What is Eczema?
Eczema, also known as Atopic Dermatitis, is an inflammatory skin condition. The symptoms can have an effect on your daily life and include rashes, usually on the arms and back of the knee but can appear anywhere, dry and flaky skin, bumps, peeling and redness. When your skin comes in contact with an irritant, your immune system creates inflammation to try to rid the body of the irritant. This causes the flare up of Eczema.
Identifying Eczema Triggers
You may notice that the rashes caused by Eczema come and go. You may have seen patterns in the flare ups. It is important to recognize your triggers and will help when planning your Eczema treatment.
Eczema triggers include:
- Products that cause skin allergies: soaps, detergents, makeup, etc.
- Your environment: dry or humid/hot weather, pollutants or smoke
- Mental and emotional health: stress, anxiety and/or depression
What are the treatments?
It is very important to follow the instructions on OTC medications carefully and correctly. Some OTC medications can cause reactions for people who have other conditions or on other medications. If you are concerned about the potential risk associated with OTC medications, give us a call to schedule an appointment.
- Antihistamines – These OTC medications, such as Benadryl, Zyrtec, and Allegra, can help reduce the immune response to the allergies causing the Eczema flare up.
- Pain Relievers – If you are experiencing burning or pain with your Eczema flare up, OTC pain relievers, such as Tylenol, ibuprofen or Aleve can help.
- Topical Hydrocortisone – These are low potency steroids that come in many forms including ointments and creams. They help to reduce irritation and itching.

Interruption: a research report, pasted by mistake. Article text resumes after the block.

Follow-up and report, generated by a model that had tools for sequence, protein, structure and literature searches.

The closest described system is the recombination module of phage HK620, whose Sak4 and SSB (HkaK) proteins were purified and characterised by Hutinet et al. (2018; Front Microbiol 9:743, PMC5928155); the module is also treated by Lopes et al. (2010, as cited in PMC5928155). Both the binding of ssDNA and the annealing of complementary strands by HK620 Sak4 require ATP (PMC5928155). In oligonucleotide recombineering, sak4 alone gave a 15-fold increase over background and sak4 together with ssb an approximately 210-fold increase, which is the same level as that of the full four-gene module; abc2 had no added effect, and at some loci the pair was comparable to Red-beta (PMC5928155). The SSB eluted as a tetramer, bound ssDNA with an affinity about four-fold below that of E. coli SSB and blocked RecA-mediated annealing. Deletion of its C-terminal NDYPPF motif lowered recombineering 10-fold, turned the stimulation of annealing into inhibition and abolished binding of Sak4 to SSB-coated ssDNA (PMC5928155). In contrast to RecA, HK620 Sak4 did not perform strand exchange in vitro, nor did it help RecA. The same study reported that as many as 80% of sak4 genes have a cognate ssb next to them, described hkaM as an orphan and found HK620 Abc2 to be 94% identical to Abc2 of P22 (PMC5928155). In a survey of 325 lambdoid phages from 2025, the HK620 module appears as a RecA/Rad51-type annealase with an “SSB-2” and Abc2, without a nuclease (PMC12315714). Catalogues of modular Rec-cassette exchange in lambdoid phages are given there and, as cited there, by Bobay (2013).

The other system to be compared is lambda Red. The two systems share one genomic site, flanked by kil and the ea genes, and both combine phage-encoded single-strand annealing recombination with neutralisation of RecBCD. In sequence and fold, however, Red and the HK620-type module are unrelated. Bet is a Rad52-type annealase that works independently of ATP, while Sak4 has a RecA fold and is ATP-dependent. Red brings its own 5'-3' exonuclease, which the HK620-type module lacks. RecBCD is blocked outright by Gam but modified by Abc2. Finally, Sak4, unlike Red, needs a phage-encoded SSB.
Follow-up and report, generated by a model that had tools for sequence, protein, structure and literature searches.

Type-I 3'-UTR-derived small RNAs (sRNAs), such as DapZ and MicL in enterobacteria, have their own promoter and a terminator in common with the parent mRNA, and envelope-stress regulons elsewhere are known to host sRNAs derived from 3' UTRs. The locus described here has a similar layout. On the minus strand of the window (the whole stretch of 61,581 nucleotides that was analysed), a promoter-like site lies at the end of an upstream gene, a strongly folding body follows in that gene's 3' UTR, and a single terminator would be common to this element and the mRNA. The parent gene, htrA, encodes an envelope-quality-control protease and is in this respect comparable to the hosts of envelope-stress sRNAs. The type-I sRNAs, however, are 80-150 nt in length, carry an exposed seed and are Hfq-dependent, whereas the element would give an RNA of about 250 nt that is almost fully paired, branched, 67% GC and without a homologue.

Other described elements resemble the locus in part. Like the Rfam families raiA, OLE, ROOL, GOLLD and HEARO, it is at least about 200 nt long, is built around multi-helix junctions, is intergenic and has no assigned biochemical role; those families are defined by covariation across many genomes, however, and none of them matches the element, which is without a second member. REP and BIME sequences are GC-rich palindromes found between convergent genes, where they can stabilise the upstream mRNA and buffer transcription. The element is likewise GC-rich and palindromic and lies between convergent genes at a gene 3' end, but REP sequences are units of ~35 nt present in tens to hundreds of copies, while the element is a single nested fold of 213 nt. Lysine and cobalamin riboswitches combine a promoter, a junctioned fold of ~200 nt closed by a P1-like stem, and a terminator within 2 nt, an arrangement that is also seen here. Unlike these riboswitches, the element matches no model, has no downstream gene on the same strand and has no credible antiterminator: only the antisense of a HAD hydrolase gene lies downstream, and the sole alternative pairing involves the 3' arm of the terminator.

- Topicals – If over the counter creams are not working for you, you can ask your doctor about trying a prescription cream or ointment. There are four main types; Topical JAK inhibitor, Topical calcineurin inhibitors, Topical PDE4 inhibitors, and Topical steroids
- Biologics (injectables) – These medications treat Eczema at the immune system level by using human DNA.
- Oral medications – There are a few different types of oral medicines that doctors can prescribe for Eczema, the most common being Immunosuppressants, JAK inhibitors, Traditional systemic medications, and Steroids
- Phototherapy – Also known as light therapy, uses different wavelengths of ultraviolet light to reduce itching and inflammation.
When to visit your dermatologist for Eczema?
If your skin condition is becoming painful and unmanageable, it may be time to make an appointment with a dermatologist to see if prescription Eczema treatment medications are right for you . Fill out the web form or contact our team today!
Unsure if your insurance will cover your visit? Check out our insurance coverage page for a list of accepted insurance companies so you know beforehand if you’re covered.